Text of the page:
Hitting the road?

Detroit parents steered to ‘better’ schools — that don’t actually take Detroit kids

PHOTO: Ken Lund
State officials are encouraging Detroit families to hit the road in search of 'better' schools — but some districts offered as alternatives won't accept Detroit children.

Thousands of Detroit parents last month opened their mailboxes to find an alarming letter.

“You are receiving this letter because the school your child attends is at risk of being closed by June 30, 2017 due to academic failure for many years,” the letter states.

The letter, signed by State School Reform Officer Natasha Baker, went on to explain that children attending closed schools may be offered “the opportunity to attend a higher-performing school” and encouraged parents to use an attached list of schools “to enroll your child in a better option for the 2017-2018 school year.”

But when Detroit parents turned to the attached list, many were surprised. There were nearly 60 school districts listed, including some like Holly, Brighton and East China, Mich., that are an hour’s drive from Detroit.

“When this letter first came out, parents started blowing up my phone saying ‘What is this?’” said Wytrice Harris, a parent organizer with 482Forward. “‘Are they telling us to move out of the city because these schools are so far away? How am I ever supposed to get my kids to these schools?’”

To make matters worse, Chalkbeat has discovered that some of the districts listed don’t even accept Detroit kids. We spent an hour on Friday calling districts on the list to see how they would respond to questions from someone claiming to be the mother of a Detroit student — and some seemed very confused.

“I’m really sorry they put us on that list,” said the woman who responded from Brighton Area Schools.

Brighton is a Schools of Choice district, meaning it accepts students who live outside district borders. But state law only allows districts to accept kids who live in the same county or in a neighboring county. And since Brighton is in Livingston County, which does not share a border with Wayne County, Brighton does not accept Detroit kids.

“I would imagine you could attend Oakland County schools,” said the helpful woman from Brighton.

It was the same story with East China schools, which are in St. Clair County.

“We take students from Sanilac, Lapeer and Macomb [Counties],” an enrollment official in East China responded.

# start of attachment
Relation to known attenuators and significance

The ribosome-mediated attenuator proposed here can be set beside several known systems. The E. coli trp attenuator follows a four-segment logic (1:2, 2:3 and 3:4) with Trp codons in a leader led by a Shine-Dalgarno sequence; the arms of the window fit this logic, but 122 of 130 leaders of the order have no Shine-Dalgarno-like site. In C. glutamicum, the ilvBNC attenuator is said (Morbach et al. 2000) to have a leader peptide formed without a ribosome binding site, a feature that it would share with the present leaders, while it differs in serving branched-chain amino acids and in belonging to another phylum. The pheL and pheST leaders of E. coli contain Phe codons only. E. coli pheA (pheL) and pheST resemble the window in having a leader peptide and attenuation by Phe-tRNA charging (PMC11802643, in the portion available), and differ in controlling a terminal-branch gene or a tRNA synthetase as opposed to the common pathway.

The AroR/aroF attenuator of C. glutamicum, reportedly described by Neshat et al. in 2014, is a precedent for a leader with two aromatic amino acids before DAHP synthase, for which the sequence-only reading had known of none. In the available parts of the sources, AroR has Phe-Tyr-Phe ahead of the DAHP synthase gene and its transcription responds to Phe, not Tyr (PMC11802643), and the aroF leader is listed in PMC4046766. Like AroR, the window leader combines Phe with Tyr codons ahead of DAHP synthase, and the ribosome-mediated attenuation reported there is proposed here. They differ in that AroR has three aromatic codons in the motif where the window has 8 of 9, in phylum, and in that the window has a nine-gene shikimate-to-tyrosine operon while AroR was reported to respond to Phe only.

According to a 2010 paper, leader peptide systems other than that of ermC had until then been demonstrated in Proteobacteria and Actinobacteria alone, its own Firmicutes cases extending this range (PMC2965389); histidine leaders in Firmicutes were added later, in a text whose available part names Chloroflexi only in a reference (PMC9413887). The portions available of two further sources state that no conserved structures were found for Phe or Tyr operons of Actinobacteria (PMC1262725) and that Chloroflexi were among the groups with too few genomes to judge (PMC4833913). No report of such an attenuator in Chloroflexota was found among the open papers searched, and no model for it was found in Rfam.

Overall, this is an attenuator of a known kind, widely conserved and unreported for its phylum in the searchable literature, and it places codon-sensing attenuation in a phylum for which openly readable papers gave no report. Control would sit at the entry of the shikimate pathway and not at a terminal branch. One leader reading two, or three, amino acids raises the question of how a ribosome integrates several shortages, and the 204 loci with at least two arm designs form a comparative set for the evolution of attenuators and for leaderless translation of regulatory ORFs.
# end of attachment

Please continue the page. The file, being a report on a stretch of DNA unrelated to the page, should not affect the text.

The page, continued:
When told that East China was on the list provided to Detroit families, she said, “That was a typo. That was supposed to be East Detroit.”

East Detroit was also on the list provided to Detroit families, and its schools are much closer to Detroit than East China’s. But that district has also had academic struggles. Some of its schools are currently being run by a state-appointed CEO, and one East Detroit school is also on the list of schools officials have threatened to close.

Baker last month put 38 Michigan schools on notice that they could be closed unless her office determines that closing the school would pose an “unreasonable hardship” to students.

There are 25 Detroit schools on the list, including 16 in the Detroit Public Schools Community District and eight schools in the state-run Education Achievement Authority that are expected to revert back to the city’s main district this summer.

The Detroit school board voted last week to oppose the closings in court if necessary, and cited the letter parents received among its concerns.

“The SRO advised Detroit parents that if their child’s school is closed, they should consider sending their child to communities as far as Holly and East China to find a quality school,” board President Iris Taylor said, reading a prepared statement from the board Wednesday night.

Asked for comment about the parent letter on Friday, the SRO emailed this statement to Chalkbeat: “We looked at districts with schools that have Top-To-Bottom rankings of 25 or higher contiguous to failing schools that are also schools of choice. The goal was to find quality schools accessible to children and families.

“We appreciate the concerns that have been raised and will consider those points during the hardship review. Our goal is to offer quality opportunities for students so that they can succeed as adults.”

When Chalkbeat set out to contact districts on the list, we decided to see how many we could reach in one hour.

We started at the top of the alphabetical list, placing a call to Airport Community Schools, which are near the Ohio border in Monroe County.

“We can take kids from Wayne County,” said the man who answered the phone.

But Airport schools are in Carleton, Michigan, nearly an hour away now that I-75 is closed for construction — and very few districts offer student transportation to non-resident kids.

“It would be your responsibility to get ‘em here,” he said.

Some districts we reached were welcoming, including Clintondale Community Schools in Macomb County.

“We have a lot of Detroit kids here,” said the woman who took the call in Clintondale. “Twenty to 25 percent of our population is from Detroit.”

She recommended Parker Elementary school, where she knows some Detroit families carpool to class. (She did not mention that the school was one of the lowest ranked schools in the state last year.)

The Crestwood School District is very close to Detroit in Dearborn Heights, but it won’t take just any kid.

“We’re a closed district except that we have the Crestwood Accelerated program,” the woman on the phone at Crestwood told us. “Your child is welcome to test for the accelerated program but we don’t have any test dates scheduled yet. The next one would probably be by the end of the school year.”

Most districts that answered our calls were largely helpful but not necessarily encouraging.